Ahead of Rosh Hashanah, Rabbi Eitan Ash of Chabad-Lubavitch of Savoy in Johannesburg found a unique way to lift up spirits across South Africa.

“This can be a very intense time, and often everyone feels like we’re being judged,” Ash told Chabad.org. “But it doesn’t need to feel negative. Instead, we can find the positive inside ourselves and feel how much we have to give from a communal point of view and personal point of view.”

As Elul, the month before Rosh Hashanah, comes to an end, Ash is about to share his 25th shofar video, having posted one every day of the month, except for Shabbat, and plans to post one the day before Rosh Hashanah but without the shofar.


In each video, the rabbi is joined by another South African celebrity guest drawing from the world of business, sports, politics and other backgrounds. The guests then share an inspirational message about positivity, and Ash follows with a powerful shofar-blowing.

The most famous guest to join was the president of the Republic of South Africa, Cyril Ramaphosa, on day 17. The president, who in his youth fought against apartheid, stressed how important it is to spend time around people who are positive about the future, like Ash, he said. “What does it do for me? It strengthens me; it gives me even more oomph and courage and great ideas about where we should take our country. South Africa is a great country, and I want all of us as South Africans to be positive.”

On the second day of Elul, Ash met with South African rugby legend Bismarck Du Plessis. Standing in the stadium, Du Plessis shared his message: “Give more than what you want to receive.”

The most famous guest to join was the president of the Republic of South Africa, Cyril Ramaphosa.
The most famous guest to join was the president of the Republic of South Africa, Cyril Ramaphosa.

‘Bringing Out the Positivity in Life’

On day seven, international performance consultant Richard Sutton said: “If we can go into this new year with self-awareness and self-control while reflecting on three things—how do I want to feel, how do I want to think and how do I want to act when I’m confronted with a challenge or adversity—we can shape the future we want for ourselves and create the reality that we all aspire to.”

It’s not the first time Ash has been sharing videos of the shofar being blown. During the Covid lockdowns of 2020, when people couldn’t go to synagogue to hear the shofar, he began sharing daily videos with his community, each one of a rabbi blowing the shofar in a different city. He did the same the next year, and then decided it was time to take it to the next step.

“Many people in South Africa are in a negative situation, economically, socially, financially,” he explains. "South Africa is experiencing difficulties, and people are feeling negative. So I thought we can get a positive message from well-known figures, Jewish or not.”

Mandy Wiener, journalist, author and radio host, joined Ash on day 10 and asked viewers to focus on the positive stories. “It’s also about the conversations we’re having at the Shabbat table, at shul; it’s the kind of stories we’re choosing to tell,” she said. “That’s my challenge to you: to share more positive stories about South Africa and to change the narrative around yourself. By making a difference in your community and being an active citizen.”

In the 12th upload, another South African rugby legend, John Smit, who captained Springbok, South Africa’s national rugby union team to a World Cup championship in 2007, spoke about positive teamwork. “The shofar starts with something simple and small and becomes something quite significant at the end from a noise point of view. When I look at rugby, it takes a bunch of individuals to come together, and create synergy and create something quite special in a product of success by winning a world cup.”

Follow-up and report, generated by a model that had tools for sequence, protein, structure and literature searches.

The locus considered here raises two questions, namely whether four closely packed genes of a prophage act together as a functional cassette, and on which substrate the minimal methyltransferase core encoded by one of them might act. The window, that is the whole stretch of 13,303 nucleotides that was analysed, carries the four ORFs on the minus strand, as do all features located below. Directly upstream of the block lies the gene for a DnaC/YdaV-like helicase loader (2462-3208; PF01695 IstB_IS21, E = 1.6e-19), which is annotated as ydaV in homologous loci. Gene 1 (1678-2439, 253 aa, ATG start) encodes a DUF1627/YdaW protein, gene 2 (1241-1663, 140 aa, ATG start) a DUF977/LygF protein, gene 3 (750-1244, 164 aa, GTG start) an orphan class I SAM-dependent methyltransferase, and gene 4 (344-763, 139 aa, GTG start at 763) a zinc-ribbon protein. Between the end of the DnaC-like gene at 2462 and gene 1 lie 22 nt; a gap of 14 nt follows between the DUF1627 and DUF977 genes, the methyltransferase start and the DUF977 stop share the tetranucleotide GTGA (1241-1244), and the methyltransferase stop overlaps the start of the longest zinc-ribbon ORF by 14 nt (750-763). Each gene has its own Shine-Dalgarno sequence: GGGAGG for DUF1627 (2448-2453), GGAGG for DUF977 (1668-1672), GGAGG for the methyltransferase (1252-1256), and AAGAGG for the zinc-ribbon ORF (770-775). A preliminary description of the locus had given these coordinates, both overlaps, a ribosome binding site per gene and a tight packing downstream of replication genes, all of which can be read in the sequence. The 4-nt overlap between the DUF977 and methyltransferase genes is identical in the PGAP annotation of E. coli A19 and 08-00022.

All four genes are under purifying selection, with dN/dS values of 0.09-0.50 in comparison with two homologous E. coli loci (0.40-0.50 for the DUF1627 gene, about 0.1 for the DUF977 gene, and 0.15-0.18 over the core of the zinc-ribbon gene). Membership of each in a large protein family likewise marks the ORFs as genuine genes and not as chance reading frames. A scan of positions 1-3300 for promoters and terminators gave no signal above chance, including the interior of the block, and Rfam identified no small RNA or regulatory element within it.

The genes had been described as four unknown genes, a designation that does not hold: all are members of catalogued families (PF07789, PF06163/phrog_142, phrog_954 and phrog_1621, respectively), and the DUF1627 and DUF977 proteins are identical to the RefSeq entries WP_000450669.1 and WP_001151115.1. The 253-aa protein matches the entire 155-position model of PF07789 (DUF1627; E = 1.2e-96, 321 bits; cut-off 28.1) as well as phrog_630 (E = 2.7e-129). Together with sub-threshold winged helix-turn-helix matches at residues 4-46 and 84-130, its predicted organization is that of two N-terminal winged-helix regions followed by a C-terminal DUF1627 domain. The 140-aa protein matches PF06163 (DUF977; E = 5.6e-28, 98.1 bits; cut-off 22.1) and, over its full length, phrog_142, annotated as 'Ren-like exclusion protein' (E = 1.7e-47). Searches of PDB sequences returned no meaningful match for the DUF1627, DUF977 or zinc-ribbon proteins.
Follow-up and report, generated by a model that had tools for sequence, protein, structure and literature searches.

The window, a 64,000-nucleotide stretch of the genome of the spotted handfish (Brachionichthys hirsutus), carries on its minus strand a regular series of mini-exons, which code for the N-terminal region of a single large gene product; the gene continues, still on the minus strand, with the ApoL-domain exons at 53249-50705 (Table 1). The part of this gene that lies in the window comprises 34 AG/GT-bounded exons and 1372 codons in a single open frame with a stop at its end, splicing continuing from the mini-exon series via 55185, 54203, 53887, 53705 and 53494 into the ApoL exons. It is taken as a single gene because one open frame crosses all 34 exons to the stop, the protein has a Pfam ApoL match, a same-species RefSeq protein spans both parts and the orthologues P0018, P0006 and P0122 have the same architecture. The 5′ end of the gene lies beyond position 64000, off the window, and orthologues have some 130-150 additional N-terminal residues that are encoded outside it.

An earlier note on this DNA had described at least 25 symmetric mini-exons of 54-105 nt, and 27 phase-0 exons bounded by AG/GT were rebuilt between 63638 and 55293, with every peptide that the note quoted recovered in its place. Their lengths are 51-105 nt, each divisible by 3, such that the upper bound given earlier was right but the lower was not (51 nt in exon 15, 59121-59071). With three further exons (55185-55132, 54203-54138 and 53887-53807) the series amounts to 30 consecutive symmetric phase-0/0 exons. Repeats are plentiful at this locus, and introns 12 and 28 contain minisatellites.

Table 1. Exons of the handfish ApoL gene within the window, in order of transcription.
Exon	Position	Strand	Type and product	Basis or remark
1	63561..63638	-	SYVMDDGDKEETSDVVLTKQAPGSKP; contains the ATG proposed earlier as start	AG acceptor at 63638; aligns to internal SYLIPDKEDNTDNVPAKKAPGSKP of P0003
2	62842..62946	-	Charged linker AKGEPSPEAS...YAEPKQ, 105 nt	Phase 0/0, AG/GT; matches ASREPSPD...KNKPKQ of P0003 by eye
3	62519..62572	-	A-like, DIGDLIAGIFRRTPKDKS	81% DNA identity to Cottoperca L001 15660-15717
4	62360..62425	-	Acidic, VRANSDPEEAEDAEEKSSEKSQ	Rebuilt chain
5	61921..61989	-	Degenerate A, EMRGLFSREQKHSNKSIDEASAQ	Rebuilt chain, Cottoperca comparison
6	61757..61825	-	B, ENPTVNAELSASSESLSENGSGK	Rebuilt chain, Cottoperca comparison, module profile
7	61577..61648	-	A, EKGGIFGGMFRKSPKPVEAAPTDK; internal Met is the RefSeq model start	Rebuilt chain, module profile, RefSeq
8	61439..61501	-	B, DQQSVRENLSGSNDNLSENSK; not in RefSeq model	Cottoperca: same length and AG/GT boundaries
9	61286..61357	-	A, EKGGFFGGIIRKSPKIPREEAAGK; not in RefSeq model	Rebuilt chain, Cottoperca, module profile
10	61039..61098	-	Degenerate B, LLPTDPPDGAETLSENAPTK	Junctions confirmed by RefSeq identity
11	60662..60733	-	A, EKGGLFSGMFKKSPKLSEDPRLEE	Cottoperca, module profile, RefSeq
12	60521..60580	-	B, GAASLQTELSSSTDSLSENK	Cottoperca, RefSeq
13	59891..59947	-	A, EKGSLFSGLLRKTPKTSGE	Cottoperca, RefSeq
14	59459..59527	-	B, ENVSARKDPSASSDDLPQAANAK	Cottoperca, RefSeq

Ash uploads these videos to his popular Instagram and Facebook feeds, and they’re widely disseminated via WhatsApp groups as well. They often go viral across South Africa.

“I’ve received incredible feedback,” says Ash. “People tell me that they wake up in the morning looking forward to the new shofar video—that it gives them motivation during hard times. A student in Jerusalem told me that he was standing on the bus and overheard South African teens excitedly discussing the latest video.”

“I just wanted to let you know that the shofar-blowing videos you’re posting with celebs and the president are very inspirational at this challenging time for me,” one viewer wrote to the rabbi. “It reminds me anything is possible. … Thank you.”

Shaina Shishler, president of “A Kinder World,” can’t speak, so she used written signs to share her message.
Shaina Shishler, president of “A Kinder World,” can’t speak, so she used written signs to share her message.

Ash’s favorite guest came on day 21, and left him feeling very moved. Shaina Shishler, president of “A Kinder World” can’t speak, so she used written signs to share her message. Shishler explained that she has a rare condition called BPAN, which causes her many physical health challenges. But, she continued, “I spend my time spreading kindness. … We could teach the whole world to be more kind!”

And on day 22, Adrian Gore, Group CEO and co-founder of Discovery Limited, noted that while people tend to lean towards negativity and think it makes them sophisticated, that’s not actually the case. “A sophisticated emotion is to see positivity sequences. When you seek them, you find them all around you, and it turns out to be a wonderful place.”

The positive messages have had such an impact that come Rosh Hashanah, Ash doesn’t want to give them up. “I’m going to continue it, weekly. Just the positive message from anyone. It doesn’t need to be a celebrity figure. It could be a neighbor or friend, but so many around us have something deeply insightful and uplifting to share. We’ll bring out the positivity in life everywhere.”